I know this play quite well, having seen it performed live at least once (maybe this performance) as well as owning the DVD of the film starring Johnny Depp. There were a couple of innovations (or possibly things I misremembered) in the Theatre Royal version: I was especially taken by the theatre scene ('play within a play', ha) near the beginning, where it became obvious why Restoration actors relied so much on exaggerated gestures and poses: their audiences made such a racket, there was little chance of anyone hearing the actors declaiming their lines.
Sadly, Dominic Cooper didn't really work as Rochester, at least not for me. He lacked not only the charisma, but the requisite air of danger: and it never felt as though he actually enjoyed the company of his friends, or felt like one of a group. In this production, Billy Downs wasn't central enough, so Rochester's friendship with and abandonment of him lacked impact.
The Theatre Royal is a beautiful building, and this play still makes me laugh: but it could have been better.

21-OCT-16: Bach - Mass in B Minor, Milton Court
'Like being wrapped in a velvet devore shawl," I wrote, '(and slowly smothered?)' The slower movements were beautiful, if ... relaxing: but oh, baroque brass and kettle-drums! The Gloria and the Sanctus Spiritus both sparked exclamation marks in my notebook. The sheer attack on the Resurrexit was like electricity going through the room. And the gradual slowing at the end of the final movement worked very well.
Milton Hall, which is part of the Guildhall School for Music and Drama, is smaller than the Barbican's main concert hall and has great acoustics: I like it, and hope to see more concerts there.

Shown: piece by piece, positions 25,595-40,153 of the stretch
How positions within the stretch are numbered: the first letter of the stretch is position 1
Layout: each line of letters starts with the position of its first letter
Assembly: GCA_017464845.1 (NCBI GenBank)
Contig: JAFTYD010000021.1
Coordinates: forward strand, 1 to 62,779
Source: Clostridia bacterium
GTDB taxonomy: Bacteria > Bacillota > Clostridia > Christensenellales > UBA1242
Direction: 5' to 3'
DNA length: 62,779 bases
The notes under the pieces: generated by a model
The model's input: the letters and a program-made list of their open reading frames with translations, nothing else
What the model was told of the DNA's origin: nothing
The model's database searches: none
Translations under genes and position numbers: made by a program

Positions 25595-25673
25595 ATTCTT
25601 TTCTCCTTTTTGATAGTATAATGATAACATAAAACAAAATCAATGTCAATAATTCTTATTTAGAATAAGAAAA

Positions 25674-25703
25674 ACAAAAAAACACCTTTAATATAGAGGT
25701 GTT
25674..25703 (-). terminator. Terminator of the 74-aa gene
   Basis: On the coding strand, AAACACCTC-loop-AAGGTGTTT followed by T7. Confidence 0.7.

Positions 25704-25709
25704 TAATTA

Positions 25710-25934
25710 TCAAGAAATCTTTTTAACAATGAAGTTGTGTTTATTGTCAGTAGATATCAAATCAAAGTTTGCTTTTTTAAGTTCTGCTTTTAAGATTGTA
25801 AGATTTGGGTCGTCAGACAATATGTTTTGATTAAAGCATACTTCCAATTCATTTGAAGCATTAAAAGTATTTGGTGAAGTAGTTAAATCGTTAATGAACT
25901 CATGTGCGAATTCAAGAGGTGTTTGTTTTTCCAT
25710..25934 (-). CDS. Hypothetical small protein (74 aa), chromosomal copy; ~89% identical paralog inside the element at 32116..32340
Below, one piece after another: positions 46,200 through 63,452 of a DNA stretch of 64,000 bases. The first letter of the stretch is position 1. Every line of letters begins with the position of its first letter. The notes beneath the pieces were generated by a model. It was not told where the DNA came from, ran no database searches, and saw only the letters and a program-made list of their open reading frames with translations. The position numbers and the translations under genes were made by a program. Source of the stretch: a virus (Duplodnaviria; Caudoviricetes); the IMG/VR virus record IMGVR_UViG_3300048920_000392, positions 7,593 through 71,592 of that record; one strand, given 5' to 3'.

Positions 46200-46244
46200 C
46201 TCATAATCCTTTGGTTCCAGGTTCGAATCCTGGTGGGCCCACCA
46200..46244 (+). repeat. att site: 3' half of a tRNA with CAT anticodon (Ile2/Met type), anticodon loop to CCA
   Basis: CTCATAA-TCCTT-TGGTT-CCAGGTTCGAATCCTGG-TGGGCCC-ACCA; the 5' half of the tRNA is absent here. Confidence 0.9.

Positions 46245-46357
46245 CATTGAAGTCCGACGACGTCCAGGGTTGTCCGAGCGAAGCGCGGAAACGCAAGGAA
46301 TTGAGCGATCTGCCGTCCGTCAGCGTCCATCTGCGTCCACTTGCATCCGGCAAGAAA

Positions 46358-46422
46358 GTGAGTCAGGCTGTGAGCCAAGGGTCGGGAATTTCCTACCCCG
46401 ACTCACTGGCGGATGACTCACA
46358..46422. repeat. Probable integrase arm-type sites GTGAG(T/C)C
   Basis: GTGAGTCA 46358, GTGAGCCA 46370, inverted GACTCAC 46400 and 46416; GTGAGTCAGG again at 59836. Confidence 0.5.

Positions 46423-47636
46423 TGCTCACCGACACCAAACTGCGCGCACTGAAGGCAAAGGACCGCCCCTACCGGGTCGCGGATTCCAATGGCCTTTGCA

22-OCT-16: Welcome to Night Vale, London Palladium
Not nearly as many women in the audience as the last show I attended. And it didn't seem, from my sparse notes, to appeal to me as much either. Some interesting lines, but the show's accomplishment was the slow build of Cecil's ghost story. Excellent opening act Eliza Rickman: I loved her cover of Let's Dance and recognised the chords before she started to sing.

25-OCT-16: Doctor Strange, Odeon Leicester Square
Not very far up my ranked list of MCU films: it's visually spectacular, but the character arcs don't make much sense, and Cumberbatch is an oddly uninteresting Strange. (Or perhaps Strange is uninteresting? Compare and contrast to the first Iron Man film for how to introduce a new, engaging character.) Some nice lines: 'What's this?' asks Strange in a Tibetan hideaway. 'My mantra?' 'The wi-fi password.' I liked Stan Lee's cameo, reading The Doors of Perception. Tilda Swinton: awesome as ever. The best bit was the first credits scene. Also, is that a new Marvel title sequence? Does not want.
2016/54: We Have Always Lived in the Castle -- Shirley Jackson